By Michael Ledeen
August 6, 2017
H.R. McMaster, currently under attack from conservative
critics, is best known for writing a book about the Vietnam War in which he put
the blame primarily on the Johnson administration officials, but also excoriated
military leaders for failing to challenge policies they knew, or should have
known, were misguided. So no one should be surprised that the national security
adviser is not inclined to salute and carry out instructions from the Oval
Office, but challenges President Trump on matters ranging from personnel
decisions to Iran policy.
The two categories are closely linked, since personnel IS
policy, and the ongoing purge of NSC officials clearly contains a political
dimension, which has been extensively documented. McMaster has recently fired
several senior NSC officials—Rich Higgins, Ezra Cohen and Derek Harvey—who
reportedly favored a tougher line on Iran than McMaster does. Their replacements
come from the CIA, which traditionally has taken a pessimistic view of chances
for changing the nature of the Tehran regime.
The political conflict extends well beyond the narrow issue
of Iran policy. McMaster has instructed his staff to avoid using the phrase
“radical Islamic terrorism,” and tried to remove it from the president’s
recent speech in Warsaw, Poland (Trump put it back in). According to a recent
rumor, the NSC declined to schedule a talk on radical Islamic terrorism by Ayaan
Hirsi Ali, one of the country’s most respected authorities, reportedly because
one of McMaster’s appointees, Mustafa Javed Ali, accused her of “Islamophobia.”
McMaster’s predecessor, General Mike Flynn, advocated waging ideological war
against “radical Islamists,” supporting moderate Muslims, and putting the
United States firmly behind Muslim governments, such as Indonesia and Egypt,
that fought the jihadis. McMaster does not agree.
This ideological component goes hand in hand with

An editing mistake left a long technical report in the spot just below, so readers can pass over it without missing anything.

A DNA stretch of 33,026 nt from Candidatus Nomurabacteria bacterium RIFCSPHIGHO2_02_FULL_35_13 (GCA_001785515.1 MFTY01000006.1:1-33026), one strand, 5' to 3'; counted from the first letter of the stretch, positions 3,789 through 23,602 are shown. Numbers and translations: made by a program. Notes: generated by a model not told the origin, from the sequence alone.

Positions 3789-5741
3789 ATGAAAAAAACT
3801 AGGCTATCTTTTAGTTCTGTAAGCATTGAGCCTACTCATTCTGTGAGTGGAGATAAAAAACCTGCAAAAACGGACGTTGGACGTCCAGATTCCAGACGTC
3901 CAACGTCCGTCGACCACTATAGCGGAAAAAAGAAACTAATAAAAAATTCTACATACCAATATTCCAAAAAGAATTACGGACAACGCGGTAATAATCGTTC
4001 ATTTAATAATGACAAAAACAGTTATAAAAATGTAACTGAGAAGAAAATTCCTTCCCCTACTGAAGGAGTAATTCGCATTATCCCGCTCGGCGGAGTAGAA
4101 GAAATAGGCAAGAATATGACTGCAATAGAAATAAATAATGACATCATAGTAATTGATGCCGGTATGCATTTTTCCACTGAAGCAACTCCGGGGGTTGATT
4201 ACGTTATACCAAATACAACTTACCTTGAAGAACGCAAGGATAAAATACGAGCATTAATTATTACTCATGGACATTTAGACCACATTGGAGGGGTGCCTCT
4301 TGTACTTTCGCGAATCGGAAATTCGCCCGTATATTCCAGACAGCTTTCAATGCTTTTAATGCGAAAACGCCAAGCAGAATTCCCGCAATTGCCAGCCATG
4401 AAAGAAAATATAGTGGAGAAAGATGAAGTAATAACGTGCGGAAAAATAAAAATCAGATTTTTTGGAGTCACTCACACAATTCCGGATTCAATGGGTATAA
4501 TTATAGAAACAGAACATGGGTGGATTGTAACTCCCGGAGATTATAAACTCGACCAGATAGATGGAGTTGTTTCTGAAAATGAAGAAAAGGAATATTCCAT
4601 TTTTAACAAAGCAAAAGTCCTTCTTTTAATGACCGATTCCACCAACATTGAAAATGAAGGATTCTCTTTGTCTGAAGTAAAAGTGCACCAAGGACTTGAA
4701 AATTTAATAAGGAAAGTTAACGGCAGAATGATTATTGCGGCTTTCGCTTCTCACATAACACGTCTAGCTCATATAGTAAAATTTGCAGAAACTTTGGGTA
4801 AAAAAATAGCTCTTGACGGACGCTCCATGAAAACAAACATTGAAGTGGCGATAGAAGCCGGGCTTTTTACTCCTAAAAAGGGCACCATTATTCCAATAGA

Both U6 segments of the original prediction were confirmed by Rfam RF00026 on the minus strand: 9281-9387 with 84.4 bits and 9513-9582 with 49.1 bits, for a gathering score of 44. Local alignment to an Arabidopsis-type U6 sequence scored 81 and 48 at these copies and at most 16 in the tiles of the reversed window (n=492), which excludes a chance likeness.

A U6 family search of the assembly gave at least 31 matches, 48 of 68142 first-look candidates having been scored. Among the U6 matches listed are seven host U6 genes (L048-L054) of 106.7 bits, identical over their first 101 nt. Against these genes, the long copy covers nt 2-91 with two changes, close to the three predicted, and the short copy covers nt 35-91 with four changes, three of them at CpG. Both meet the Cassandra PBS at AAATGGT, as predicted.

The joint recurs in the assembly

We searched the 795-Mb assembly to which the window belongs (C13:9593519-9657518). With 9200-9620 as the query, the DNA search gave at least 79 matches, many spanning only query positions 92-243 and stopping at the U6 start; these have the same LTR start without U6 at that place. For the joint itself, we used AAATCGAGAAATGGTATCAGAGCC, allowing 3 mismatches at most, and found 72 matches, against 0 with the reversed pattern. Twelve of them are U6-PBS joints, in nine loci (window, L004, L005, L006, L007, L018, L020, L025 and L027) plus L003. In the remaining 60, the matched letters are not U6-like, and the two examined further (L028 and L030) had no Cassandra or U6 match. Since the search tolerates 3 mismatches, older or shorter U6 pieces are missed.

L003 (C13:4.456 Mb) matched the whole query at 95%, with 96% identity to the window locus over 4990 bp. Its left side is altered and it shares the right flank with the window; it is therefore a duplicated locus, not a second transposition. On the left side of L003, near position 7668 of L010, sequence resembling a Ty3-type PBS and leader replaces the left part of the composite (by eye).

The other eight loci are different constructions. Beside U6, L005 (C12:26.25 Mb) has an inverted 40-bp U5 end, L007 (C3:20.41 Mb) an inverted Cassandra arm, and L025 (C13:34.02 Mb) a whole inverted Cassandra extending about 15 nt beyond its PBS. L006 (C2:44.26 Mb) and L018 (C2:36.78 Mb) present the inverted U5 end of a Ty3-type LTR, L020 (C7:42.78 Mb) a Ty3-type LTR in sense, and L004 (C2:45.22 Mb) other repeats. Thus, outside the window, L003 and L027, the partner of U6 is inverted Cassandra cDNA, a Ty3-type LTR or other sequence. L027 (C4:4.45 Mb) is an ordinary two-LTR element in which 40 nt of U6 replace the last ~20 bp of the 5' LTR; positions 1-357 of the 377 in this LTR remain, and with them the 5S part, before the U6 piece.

McMaster’s refusal to fire holdovers from the Obama NSC, and with his widely
reported remarks to staff, arguing that there really are no holdovers, that
everyone at the NSC is a professional civil servant, and that everyone is trying
to do the best possible job. It’s a happy thought, but not widely shared in
Washington. Those calling for his removal ask why Obama appointees are
protected, while Trump loyalists are shown the gate.
Finally, as his critics have pointed out, McMaster not only
challenges the president’s policy views, he has been known to disregard
explicit instructions on personnel (Trump wanted Ezra Cohen to remain at his
post as NSC intelligence chief, for example), and despite explicit presidential
unhappiness with McMaster’s advocacy of sending large numbers of American
troops to Afghanistan and Iraq, he continues to call for it, while he fights
Trump’s wishes to declare Iran in violation of the nuclear deal, thereby
ending the agreement.
It’s ironic that McMaster is now being attacked for doing
what he has most famously and popularly advocated: challenging political policy
makers, even his commander in chief, when he thinks they are on the wrong
course. On the other hand, the National Security Council isn’t supposed to
craft policy; its role is to manage policy implementation across the government.
To be sure, people like McMaster have strong convictions and will invariably and
properly express them. The question is whether he has crossed the line between
good management and policy making.
Moreover, the recent personnel changes, seemingly
reflecting an ideological conviction, raise the possibility that McMaster has
violated his own call for dissenters to speak out. Those who were not in
lockstep with McMaster’s own views are now looking for new jobs. Instead, the
national security adviser who excoriated his predecessors for excessive
compliance with their leaders’ policies now stands accused of firing those who
were not compliant with his own preferences. This is not only in conflict with
his own wise words about the Vietnam generation, but a bad way to shape policy.
Good presidents and cabinet secretaries are best served by national security
advisers who present them with a full range of views. Then the president
decides, and the NSC is supposed to make sure that presidential decisions are
indeed carried out. The NSC can’t fulfill its mission if dissenting views
aren’t heard. Of late, dissenters have been fired, and the boss insists that
the survivors toe his line.